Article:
Welcome to Editors' (re)View, a new feature where the Pharma Manufacturing editors handpick notable pharma world happenings that deserve some extra consideration. See what you may have missed this week in pharma.
Outlook stays positive
Earlier this week, Outlook Therapeutics shared disappointing news regarding the BLA for its investigational eye injection under development to treat wet AMD.
The treatment, ONS-5010, is an ophthalmic formulation of Roche's blockbuster cancer drug, Avastin. According to Outlook, the drug fills an important gap in the treatment of retinal diseases. Currently, clinicians who want to treat retinal patients with bevacizumab have to use unapproved repackaged IV bevacizumab provided by compounding pharmacies — which comes with higher risks of contamination and inconsistent potency.
While the CRL came as a surprise to onlookers, it was also a shock for Outlook. In a corporate update conference call, Outlook CEO Russell Trenary said the company was disappointed and was "certainly not expecting to receive CRL back from the FDA."
In the CRL, the FDA acknowledged that the company's pivotal trial met its safety and efficacy endpoints, but said it could not approve the BLA due to several CMC issues, open observations from pre-approval manufacturing inspections and a "lack of substantial evidence."
On the call, Trenary stressed that the endpoints met in the trial were "highly statistically significant" and that he believes the lack of substantial evidence was more a need for further additional evidence.
According to Trenary, all the CMC issues "appeared addressable" and the company didn’t “see any showstoppers there." "Our read as we went through the CMC section was ‘we can handle this,’" said Trenary.
Outlook was left with a lot of questions for the FDA and is hoping its upcoming Type A meeting will bring some answers. But it appears the company isn't giving up and do plan to resubmit its BLA.
"We collectively continue to believe in the public health NEED to provide the retina community with an FDA-approved bevacizumab treatment option," affirmed Trenary.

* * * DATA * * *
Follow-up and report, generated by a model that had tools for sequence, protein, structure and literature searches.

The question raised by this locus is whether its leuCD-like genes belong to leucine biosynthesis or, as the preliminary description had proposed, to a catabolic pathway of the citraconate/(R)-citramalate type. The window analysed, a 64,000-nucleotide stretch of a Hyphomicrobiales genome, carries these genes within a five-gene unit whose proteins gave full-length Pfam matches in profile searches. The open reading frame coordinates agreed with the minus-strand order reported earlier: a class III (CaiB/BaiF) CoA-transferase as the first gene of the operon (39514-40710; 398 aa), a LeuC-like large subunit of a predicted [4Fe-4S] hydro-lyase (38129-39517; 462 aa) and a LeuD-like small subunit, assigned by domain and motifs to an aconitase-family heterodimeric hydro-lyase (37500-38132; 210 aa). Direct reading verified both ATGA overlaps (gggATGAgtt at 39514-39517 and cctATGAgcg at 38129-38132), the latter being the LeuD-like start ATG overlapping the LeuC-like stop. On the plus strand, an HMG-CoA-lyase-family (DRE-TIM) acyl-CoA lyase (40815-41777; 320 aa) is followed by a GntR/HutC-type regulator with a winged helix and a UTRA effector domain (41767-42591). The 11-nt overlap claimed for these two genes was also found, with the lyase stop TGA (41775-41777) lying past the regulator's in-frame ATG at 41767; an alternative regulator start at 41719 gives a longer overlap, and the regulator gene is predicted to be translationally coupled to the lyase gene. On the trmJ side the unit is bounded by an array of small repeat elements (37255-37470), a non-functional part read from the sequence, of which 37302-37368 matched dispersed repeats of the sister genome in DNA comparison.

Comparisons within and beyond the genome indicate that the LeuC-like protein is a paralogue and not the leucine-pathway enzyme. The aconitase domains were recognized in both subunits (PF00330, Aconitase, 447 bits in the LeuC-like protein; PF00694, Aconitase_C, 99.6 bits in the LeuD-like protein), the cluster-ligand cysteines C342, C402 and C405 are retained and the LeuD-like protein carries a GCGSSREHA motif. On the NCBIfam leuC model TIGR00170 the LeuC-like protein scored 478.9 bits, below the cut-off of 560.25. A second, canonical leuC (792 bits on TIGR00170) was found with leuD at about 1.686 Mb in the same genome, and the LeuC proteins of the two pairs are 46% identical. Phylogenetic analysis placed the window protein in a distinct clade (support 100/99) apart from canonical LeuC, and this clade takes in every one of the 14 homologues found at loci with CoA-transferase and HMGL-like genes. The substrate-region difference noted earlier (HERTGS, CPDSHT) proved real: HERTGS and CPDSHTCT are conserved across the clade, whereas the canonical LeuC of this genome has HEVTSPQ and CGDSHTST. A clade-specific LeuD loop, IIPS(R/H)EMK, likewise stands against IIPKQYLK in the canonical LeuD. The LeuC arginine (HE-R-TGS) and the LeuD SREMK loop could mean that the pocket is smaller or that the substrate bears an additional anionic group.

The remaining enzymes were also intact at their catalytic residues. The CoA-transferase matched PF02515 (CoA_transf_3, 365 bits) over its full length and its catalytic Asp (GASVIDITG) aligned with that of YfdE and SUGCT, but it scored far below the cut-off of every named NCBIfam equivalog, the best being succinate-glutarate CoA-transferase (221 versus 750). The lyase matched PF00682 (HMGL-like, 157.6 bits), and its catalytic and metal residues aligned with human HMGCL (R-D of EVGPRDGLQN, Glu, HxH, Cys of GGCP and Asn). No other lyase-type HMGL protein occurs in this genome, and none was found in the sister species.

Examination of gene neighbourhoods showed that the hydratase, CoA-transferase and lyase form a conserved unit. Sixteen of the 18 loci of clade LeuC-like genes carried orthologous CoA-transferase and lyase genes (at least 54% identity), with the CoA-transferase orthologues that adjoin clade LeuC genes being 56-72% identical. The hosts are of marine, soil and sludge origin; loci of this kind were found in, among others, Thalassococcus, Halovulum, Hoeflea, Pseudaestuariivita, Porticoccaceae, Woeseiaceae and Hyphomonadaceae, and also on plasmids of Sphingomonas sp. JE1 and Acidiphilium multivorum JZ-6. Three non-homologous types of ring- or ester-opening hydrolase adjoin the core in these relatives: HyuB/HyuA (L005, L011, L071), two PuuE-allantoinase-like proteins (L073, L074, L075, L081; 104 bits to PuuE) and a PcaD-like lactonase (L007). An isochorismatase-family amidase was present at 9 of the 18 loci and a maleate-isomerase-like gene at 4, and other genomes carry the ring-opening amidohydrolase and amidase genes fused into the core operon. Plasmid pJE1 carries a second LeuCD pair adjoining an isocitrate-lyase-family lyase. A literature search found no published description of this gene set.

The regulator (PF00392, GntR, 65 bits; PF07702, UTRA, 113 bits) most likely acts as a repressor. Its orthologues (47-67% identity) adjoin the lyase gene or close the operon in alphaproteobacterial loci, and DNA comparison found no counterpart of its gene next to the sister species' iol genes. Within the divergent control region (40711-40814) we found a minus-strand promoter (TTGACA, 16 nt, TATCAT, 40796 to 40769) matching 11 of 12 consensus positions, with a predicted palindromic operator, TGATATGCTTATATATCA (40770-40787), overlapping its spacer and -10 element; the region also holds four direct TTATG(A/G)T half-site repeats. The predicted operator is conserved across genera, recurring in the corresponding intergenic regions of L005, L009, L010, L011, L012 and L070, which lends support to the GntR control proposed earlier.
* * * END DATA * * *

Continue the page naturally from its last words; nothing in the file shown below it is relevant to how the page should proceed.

FTC clears Amgen-Horizon deal
In a surprising move, the FTC has shifted from opposing Amgen's $27.8 billion acquisition of Horizon Therapeutics to giving it the go-ahead.
When Amgen revealed its intentions to acquire Horizon, the FTC expressed concerns about industry consolidation driving up essential medication prices, highlighting the need to prevent pharmaceutical companies and pharmacy benefit managers from limiting affordable drug access.
Just a few days ago, the watchdog temporarily suspended its opposition to the acquisition, sparking questions about changing regulations. This suspension, disclosed in a court filing and effective until September 18, led to a 5.7% increase in Horizon's stock.
In a new announcement made today, the FTC revealed that it had reached an agreement with Amgen. Under the settlement, Amgen is barred from bundling its products with Horizon's Tepezza or Krystexxa and from using rebates or contracts to disadvantage competitors.
Additionally, the order stipulates that Amgen cannot make agreements to acquire products related to thyroid eye disease or chronic refractory gout without prior FTC approval, extending this requirement until 2032. Other aspects of the consent order, such as submitting annual compliance reports to the FTC and states and appointing a monitor to oversee Amgen's compliance, will remain effective for 15 years after finalization.
Following the deal's approval, Horizon's premarket shares rose by 2.8%.
— Andrea Corona